>more appropriate. But he just rants against everything and everyone
                  >he can see. ;->
                  >
                  >

                  When I read it, I had terrible deja-vu. I swear, it was just like
                  reading critiques of OO in the late 1980s.

                  Michael Feathers
                  author, Working Effectively with Legacy Code (Prentice Hall 2005)
                  www.objectmentor.com
                • Jim Standley
                  As so often is the case, Ron said it better than I would have. OO seems to work for me. There are bits that aren t perfect, but they re still better than most
                  Message 8 of 10 , Feb 2, 2005
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                    As so often is the case, Ron said it better than I would have. OO seems
                    to work for me. There are bits that aren't perfect, but they're still
                    better than most other things I've tried.

                    That article ends with a glowing link to the "OopBad" page. I thought
                    parts of the article sounded too familiar. Somebody was quoting this
                    stuff on another discussion board last year. It's mostly unreadable but
                    if you suffer from too-low blood pressure ...

                    http://www.geocities.com/tablizer/oopbad.htm

                    Ron Jeffries wrote:
                    > On Tuesday, February 1, 2005, at 3:44:04 PM, Dave Rooney wrote:
                    >
                    >
                    >>"And the profession is now guarded by a priest class that benefits
                    >>from OOP's murk and mystery—the fewer people who can communicate with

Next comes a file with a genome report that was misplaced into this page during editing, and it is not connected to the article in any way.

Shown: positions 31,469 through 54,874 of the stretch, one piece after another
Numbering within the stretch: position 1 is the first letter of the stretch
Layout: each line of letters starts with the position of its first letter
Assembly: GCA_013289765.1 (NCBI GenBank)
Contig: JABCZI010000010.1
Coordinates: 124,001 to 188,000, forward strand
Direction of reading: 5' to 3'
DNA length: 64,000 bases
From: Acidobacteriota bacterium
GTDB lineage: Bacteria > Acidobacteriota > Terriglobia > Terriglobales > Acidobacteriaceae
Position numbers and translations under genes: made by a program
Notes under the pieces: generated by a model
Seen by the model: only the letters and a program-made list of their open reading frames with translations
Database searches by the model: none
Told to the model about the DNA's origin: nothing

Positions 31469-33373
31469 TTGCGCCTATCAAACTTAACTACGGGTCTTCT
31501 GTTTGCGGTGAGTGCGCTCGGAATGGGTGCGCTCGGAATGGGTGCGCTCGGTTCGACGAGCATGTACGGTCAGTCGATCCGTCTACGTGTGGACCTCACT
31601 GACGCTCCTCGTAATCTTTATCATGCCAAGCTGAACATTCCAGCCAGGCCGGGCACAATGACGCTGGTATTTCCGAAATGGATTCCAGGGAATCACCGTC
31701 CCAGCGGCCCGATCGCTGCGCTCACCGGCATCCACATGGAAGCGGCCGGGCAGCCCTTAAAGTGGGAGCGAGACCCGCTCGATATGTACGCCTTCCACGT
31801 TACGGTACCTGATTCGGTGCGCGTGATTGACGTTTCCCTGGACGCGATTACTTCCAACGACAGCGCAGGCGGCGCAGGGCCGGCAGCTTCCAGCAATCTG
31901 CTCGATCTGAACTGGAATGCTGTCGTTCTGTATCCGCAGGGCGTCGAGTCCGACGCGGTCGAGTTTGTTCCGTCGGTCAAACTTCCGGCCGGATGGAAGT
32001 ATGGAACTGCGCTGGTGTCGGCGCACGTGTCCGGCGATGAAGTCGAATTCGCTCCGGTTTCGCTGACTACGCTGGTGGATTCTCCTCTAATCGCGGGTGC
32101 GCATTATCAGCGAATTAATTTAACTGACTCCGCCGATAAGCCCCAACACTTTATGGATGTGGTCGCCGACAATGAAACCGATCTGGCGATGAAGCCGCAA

>>computers, the more secure their jobs." Eh?! Do I need to run out
                    >>and buy a frock?
                    >
                    >
                    > You certainly may. That word "frock" may have a different meaning in
                    > my lexicon than it has in yours, however. Still, people should dress
                    > as they like, that's my belief. :)
                    >
                    > The article and the one it references both remind me of "topmind", a
                    > famous anti-OO poster on the newsgroups. I don't get it, myself: I
                    > kind of like OO, because it lets me program in ways that I find to
                    > be more clear.
                    >
                    > The author does mention the incredible morass of the object
                    > libraries, and I agree with that. But I guess I'd rather have them
                    > than not, though they could be simpler, and better abstractions,
                    > than they usually are.
                    >
                    > Ron Jeffries
                    > www.XProgramming.com
                    > First they ignore you, then they laugh at you, then they fight you,
                    > then you win. -- Gandhi
                    > I'm on track. When do I start to win? -- Jeffries